There have been billboard sightings in New York, LA, and San Francisco – weird billboards with weird sentences and no explanation.
Sentences like:

Ask.com Says It Knows Where Jesus Is
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I have a sense of humor. But a lot of people don’t, not when it comes to Jesus. With that in mind, I think I’d be hesitant (nay, 10-foot-pole distanced) to launch an ad campaign with a Jesus joke in it. Ask.com, it would seem, is just brave enough to try.

Billboards and posters have begun appearing in major metropolitan areas (like New York and San Francisco – most likely because this is riskier in the red states) with the slogan:

Resurrect Jeeves, Ask How Not To Slam Google
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Here’s the thing about boldness: you’d better have the chops to back it up. While Ask.com’s anti-Google guerrilla marketing campaign in London’s Underground was outed in record time, indexing of its own campaign site was even close to a record.

Background

Ads appearing in the Tube encouraged bystanders to fight Google’s "information monopoly."

Submitting Pages to Ask.com’s Search Index

A Search Engine Watch Forums post inquires on the way to get site indexed in Ask.com.

Ask.com’s Webmasters page says that its crawlers go around the web from one link to another looking for significant content.

Ask Gets Smart For Children

Ask.com has added something new to their Smart Answer collection by making the International Children’s Digital Library available as a top-of-page resource for children’s literature-related queries.

The Future of Ask.com

ZDNet’s Donna Bogatin has an interesting interview up with Ask.com CEO, Jim Lanzone. She asks some probing questions, and Jim shares some interesting morsels.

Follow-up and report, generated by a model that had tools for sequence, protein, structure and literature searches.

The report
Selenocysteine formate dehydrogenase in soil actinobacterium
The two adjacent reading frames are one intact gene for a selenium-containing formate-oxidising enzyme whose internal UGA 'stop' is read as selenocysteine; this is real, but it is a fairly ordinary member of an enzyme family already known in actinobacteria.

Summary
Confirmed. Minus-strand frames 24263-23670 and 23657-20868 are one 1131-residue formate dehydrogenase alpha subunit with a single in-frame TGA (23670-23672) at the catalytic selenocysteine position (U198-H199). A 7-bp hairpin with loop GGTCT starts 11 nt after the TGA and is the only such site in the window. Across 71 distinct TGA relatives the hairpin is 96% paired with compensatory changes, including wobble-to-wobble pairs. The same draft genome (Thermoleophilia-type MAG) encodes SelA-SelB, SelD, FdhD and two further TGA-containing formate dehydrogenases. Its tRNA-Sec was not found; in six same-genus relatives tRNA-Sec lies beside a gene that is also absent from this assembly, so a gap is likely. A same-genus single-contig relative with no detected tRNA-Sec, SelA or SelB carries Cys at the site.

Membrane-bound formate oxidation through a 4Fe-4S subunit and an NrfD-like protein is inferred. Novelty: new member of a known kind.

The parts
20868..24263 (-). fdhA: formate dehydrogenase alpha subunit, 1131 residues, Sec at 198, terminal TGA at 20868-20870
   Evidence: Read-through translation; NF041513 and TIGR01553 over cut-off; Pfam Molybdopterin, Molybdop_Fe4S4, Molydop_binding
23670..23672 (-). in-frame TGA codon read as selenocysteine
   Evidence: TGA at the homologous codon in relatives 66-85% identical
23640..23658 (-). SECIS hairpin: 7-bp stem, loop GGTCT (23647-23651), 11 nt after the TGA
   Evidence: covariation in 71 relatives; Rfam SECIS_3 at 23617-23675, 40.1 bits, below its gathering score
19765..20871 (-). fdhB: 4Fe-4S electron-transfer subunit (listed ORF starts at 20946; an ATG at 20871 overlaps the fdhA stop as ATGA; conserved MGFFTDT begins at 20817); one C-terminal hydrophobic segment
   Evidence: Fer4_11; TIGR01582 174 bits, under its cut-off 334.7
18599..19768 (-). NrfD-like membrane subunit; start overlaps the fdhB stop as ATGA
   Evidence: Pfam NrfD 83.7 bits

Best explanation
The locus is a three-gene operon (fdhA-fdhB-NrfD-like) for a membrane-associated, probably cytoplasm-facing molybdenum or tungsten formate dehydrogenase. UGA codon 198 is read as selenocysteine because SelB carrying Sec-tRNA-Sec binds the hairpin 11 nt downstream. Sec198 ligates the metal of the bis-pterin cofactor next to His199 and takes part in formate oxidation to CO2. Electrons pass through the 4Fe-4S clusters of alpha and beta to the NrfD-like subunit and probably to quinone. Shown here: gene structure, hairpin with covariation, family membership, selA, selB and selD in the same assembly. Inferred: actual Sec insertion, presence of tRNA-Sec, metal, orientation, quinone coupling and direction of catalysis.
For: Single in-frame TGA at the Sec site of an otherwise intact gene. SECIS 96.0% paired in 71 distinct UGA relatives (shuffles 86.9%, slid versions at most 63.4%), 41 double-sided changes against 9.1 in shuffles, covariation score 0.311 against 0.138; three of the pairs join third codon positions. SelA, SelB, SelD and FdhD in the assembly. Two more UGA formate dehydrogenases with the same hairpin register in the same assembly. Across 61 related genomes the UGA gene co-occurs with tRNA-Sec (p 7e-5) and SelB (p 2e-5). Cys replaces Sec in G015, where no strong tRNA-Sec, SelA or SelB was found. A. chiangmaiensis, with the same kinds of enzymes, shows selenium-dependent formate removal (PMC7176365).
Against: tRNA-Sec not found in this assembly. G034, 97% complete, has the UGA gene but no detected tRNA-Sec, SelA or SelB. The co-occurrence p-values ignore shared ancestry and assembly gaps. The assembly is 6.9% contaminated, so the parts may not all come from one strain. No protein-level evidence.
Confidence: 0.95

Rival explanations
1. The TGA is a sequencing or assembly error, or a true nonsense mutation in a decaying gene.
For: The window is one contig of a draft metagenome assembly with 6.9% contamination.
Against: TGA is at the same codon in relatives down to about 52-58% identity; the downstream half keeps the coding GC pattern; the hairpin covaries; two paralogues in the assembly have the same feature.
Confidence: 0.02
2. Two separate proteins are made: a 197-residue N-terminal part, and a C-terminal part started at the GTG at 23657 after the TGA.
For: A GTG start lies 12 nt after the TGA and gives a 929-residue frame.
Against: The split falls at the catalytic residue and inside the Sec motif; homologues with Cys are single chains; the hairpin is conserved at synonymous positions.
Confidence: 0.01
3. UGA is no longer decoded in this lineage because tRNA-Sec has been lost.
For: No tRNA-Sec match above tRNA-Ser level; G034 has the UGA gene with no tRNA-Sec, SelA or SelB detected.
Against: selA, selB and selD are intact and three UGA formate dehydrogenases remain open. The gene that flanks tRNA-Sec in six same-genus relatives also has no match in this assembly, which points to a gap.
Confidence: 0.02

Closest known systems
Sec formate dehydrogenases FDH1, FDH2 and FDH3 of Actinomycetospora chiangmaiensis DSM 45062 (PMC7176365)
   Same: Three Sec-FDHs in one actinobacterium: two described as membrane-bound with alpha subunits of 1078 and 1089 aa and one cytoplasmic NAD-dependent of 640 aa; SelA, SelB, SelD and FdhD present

The Mobile And Ask On Phones

Google dropped into bed with Samsung, as did Yahoo when they weren’t announcing deals with Opera and a slew of other firms at the start of the CES event in Las Vegas. Microsoft was busy unveiling its Home Server and decidedly not talking much about mobile, leaving me to wonder one thing: where is Ask.com?

AskCity From Ask.com

Ask.com has taken its existing maps service, combined it with content from parent-company IAC’s CitySearch and Ticketmaster, stirred the ingredients and baked at 400F for 20 minutes. The result? A great new way to search for business, events, movies and maps using a new service called AskCity.

Ask Drives RSS Smart Answers To Europe

As part of their drive to rollout new features beyond the United States as quickly as possible, Ask.com has placed RSS Smart Answers on its European sites.

Ask.com CEO: We Have Best Special Sauce

Jim Lanzone, CEO of Ask.com, recently made some interesting comments to The Guardian’s Kate Bulkley. Lanzone talked about the current state of affairs at Ask, and also spoke about the company’s future. He deserves credit for not giving typical responses that have obviously been polished by the PR department.